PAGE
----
In a first, NASA’s Predator drone flew solo in commercial airspace
NASA says its unmanned aircraft, which it uses to support Earth science missions and aeronautical technology development, has edged drones one step closer to flying in the same airspace as commercial and private planes.
The space agency said its remotely piloted Ikhana aircraft was able today to complete its first-ever mission without an accompanying chase plane. The technology it carried could open the door to a sky where large unmanned systems safely mingle with other air traffic in order to monitor and fight forest fires or conduct emergency search and rescue operations, NASA says.
In a statement, Ed Waggoner, the director of the agency’s Integrated Aviation Systems Program, called it “a huge milestone.”
Piloted from NASA’s Armstrong Flight Research Center in Edwards, California, the flight departed from Edwards Air Force Base and soon reached 20,000 feet in class A airspace, where commercial airliners fly. It was the first unmanned aircraft flight to use airborne detect-and-avoid technology to meet the intent of new FAA “sense-and-avoid” rules, in a test where all objectives were successfully accomplished, the agency said. Until now, large unmanned systems like Ikhana have required a chase plane when flying in commercial airspace.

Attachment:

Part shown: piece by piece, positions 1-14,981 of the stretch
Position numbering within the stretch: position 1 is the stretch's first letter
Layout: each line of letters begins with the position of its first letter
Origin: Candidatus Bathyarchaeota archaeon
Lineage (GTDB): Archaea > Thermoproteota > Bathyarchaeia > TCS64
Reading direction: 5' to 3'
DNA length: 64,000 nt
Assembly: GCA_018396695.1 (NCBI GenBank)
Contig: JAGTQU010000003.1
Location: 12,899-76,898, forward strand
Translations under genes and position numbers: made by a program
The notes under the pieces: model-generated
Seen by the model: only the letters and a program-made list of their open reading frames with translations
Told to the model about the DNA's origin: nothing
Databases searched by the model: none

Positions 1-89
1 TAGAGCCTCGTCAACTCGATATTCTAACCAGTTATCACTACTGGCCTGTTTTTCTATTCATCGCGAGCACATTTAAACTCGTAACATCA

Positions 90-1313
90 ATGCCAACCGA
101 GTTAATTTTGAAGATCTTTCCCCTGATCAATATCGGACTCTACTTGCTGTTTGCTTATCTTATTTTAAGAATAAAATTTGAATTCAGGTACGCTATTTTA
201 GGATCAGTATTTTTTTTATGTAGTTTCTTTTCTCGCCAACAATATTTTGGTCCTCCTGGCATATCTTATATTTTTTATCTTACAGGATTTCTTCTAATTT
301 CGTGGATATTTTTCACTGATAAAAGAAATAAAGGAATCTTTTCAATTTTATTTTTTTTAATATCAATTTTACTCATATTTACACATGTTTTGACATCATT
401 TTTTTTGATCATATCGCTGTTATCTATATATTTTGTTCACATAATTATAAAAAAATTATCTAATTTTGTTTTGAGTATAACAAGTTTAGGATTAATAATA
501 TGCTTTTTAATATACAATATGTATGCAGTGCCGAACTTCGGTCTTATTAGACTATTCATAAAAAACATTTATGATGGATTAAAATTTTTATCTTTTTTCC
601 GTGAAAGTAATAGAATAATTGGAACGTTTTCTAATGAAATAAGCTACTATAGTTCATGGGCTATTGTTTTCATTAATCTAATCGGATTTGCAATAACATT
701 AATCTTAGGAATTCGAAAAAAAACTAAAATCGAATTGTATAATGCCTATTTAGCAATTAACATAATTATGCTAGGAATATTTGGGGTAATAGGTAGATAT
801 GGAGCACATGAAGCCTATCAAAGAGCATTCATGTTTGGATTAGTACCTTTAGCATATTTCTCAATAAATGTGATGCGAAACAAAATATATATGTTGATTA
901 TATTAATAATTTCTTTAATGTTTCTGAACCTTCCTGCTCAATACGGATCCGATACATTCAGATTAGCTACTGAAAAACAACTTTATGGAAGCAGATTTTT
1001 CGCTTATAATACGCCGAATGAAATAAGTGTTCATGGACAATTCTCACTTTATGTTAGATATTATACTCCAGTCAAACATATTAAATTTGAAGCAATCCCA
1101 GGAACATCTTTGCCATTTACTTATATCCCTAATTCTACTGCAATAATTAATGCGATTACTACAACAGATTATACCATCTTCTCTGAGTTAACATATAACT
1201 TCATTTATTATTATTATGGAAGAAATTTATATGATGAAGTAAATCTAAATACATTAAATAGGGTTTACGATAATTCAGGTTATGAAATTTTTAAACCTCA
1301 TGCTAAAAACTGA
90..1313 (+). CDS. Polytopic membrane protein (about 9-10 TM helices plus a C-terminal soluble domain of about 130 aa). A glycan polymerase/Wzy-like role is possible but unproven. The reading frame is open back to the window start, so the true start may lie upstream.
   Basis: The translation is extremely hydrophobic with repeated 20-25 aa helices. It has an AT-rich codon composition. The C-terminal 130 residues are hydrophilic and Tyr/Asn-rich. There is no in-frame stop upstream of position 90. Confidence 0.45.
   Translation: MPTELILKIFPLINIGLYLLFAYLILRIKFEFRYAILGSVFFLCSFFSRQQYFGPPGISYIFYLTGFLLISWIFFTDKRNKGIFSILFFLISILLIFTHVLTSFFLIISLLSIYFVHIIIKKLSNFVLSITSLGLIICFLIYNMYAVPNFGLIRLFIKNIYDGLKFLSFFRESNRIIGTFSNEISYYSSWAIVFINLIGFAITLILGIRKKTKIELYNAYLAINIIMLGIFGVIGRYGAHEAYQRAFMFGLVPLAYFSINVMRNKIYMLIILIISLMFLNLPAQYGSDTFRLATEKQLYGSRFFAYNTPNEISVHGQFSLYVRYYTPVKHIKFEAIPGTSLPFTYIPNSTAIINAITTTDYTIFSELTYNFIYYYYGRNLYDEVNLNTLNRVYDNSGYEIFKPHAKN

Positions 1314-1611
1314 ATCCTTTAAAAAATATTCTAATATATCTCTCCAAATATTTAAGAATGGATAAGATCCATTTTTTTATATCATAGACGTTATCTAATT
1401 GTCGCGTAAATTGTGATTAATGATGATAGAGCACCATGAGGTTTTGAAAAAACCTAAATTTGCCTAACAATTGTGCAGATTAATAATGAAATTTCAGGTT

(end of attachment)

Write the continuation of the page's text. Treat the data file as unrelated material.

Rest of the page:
The Ikhana is a General Atomics MQ-9 Predator B—the canonical military drone—that NASA acquired in 2006, and named for a Native American Choctaw word meaning intelligent, conscious, or aware. Its sense-and-avoid technology, provided by General Atomics and Honeywell, includes airborne radar, an air traffic alert and collision avoidance system, a system that broadcasts information to other aircraft, and ADS-B, a surveillance system that lets the aircraft determine its position via satellite. All planes in U.S. airspace must adopt ADS-B by January 2020 to comply with FAA regulations aimed at upgrading the technology that’s used to currently track airplanes.